“I want you to realize this: Those we think we have nothing in common with, we actually have a strong bond—because of Christ. In church, we often focus on our differences. But we need to remember that what we have in common is far more significant than what divides us.”
2. Jesus’ love for us was sacrificial.
The Lord Jesus, though He was equal with the Father, humbled Himself to become a man and sacrificed Himself on the cross for us.
This is how we know what love is: Jesus Christ laid down his life for us. And we ought to lay down our lives for our brothers and sisters.
(1 John 3:16)
“We ought to lay down our lives for our brothers and sisters. Obviously, in most cases, this does not mean that we will literally die for one another. It may come to it, as it has to various Christians throughout the centuries, but we’re not always faced with life or death situations. That is why, in the next verse, John continues:
If anyone has material possessions and sees a brother or sister in need but has no pity on them, how can the love of God be in that person? 18 Dear children, let us not love with words or speech but with actions and in truth.
(1 John 3:17-18)
“This passage is often quoted to motivate us to do good works outside the church, and we should certainly do that. But in John’s language, brother or sister is actually fellow Christian. Throughout his writings, the apostle John seems to be more concerned with Christians showing love to other Christians, and so does Paul.”
Therefore, as we have opportunity, let us do good to all people, especially to those who belong to the family of believers.
“This is not an excuse to say to other people, we can’t help you because you don’t belong to us. It is saying that if we want to help them but we neglect even our own, what kind of witness would that be? Loving and serving one another within the body of Christ highlights a kind of bond that transcends all their human relationships. When we are believers in Christ, we are closer than anything else in this world.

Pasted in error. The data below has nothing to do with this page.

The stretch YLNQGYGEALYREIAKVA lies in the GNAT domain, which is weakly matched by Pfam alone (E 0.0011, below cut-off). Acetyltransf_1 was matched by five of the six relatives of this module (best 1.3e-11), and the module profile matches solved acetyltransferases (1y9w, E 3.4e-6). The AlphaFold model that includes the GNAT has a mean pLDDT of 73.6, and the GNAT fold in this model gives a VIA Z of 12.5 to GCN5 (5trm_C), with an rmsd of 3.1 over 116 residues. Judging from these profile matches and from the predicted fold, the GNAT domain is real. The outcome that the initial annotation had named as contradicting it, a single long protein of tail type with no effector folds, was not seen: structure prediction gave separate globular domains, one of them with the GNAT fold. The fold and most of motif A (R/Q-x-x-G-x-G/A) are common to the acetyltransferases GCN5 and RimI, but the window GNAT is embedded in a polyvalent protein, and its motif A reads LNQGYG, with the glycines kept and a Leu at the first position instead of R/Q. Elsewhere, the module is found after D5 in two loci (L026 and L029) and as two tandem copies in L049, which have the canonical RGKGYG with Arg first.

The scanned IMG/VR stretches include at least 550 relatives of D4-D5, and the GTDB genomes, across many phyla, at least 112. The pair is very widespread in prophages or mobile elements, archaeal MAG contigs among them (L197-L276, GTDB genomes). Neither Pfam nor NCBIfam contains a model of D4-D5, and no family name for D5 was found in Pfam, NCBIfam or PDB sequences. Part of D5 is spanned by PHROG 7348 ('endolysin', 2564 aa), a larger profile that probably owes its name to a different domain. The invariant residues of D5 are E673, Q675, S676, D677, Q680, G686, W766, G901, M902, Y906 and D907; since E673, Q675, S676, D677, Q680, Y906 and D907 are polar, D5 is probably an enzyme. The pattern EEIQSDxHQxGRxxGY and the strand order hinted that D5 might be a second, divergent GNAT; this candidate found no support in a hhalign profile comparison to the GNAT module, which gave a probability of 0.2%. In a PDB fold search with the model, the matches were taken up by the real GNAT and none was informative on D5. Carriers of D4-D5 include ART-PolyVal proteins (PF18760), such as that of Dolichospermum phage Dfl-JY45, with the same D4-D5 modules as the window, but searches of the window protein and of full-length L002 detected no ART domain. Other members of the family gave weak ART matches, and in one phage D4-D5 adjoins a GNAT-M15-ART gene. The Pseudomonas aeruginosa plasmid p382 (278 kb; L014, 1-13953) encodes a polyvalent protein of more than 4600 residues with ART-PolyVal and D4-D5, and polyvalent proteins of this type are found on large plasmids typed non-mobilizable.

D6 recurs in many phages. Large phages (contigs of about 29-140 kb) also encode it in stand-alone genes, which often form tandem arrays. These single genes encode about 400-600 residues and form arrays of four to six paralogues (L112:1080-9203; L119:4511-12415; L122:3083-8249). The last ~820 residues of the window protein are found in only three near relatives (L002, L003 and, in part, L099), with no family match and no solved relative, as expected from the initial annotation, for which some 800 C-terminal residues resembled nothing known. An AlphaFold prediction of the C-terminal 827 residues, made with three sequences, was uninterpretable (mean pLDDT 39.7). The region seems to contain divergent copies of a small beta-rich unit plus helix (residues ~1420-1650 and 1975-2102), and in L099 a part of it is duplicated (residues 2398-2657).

“So John is saying that if we are willing to lay down our lives like Jesus did, how much more should we be willing to sacrifice our money or our time? Caring for others is extremely time consuming. In fact, it is emotionally exhausting. But if we should be willing to lay down our lives, how much more should we be willing to lay down our personal preferences for others?
“I think that is particularly relevant in our age. We have absorbed a consumer mindset. We think that everything out there is a service provider meant to cater to our every specific need and preference, and so sometimes we view the church in the same light. We think that the church is a service provider and we are the consumers who come to shop for our fulfillment.
“Whatever happened to considering others more significant than yourselves? Because the truth is that the church is a service provider. But you are the church. Every one of you is a service provider. So stop thinking about what suits you and start thinking about everyone else. What then is the effect if we love like this?
“By this everyone will know that you are my disciples, if you love one another.”
“Our love for each other is how we witness to the world. Even though this command sounds exclusive (love one another), it is ultimately inclusive, because it is meant to send a message to everyone out there.
“Do you realize how powerfully evangelistic it is to have a community that loves and embraces sinners regardless of their race, background, or social class?” Phillip asked. “It testifies of our Lord and Savior who loves and embraces sinners regardless of their race, background, or social class.
“Do you realize how powerfully evangelistic it is to have a community that is willing to sacrifice for one another? It testifies of our Lord and Savior who was willing to sacrifice Himself for us.
“The Bible says that we are supposed to attract others by how we love each other. So that when outsiders come in and see us who are made up of different age groups, different preferences, all together worshipping God—old people singing contemporary songs and young people singing hymns—all loving and embracing each other, that is something attractive. In fact, it’s a preview of heaven. So let us love, love, love each other the way Christ has loved us.”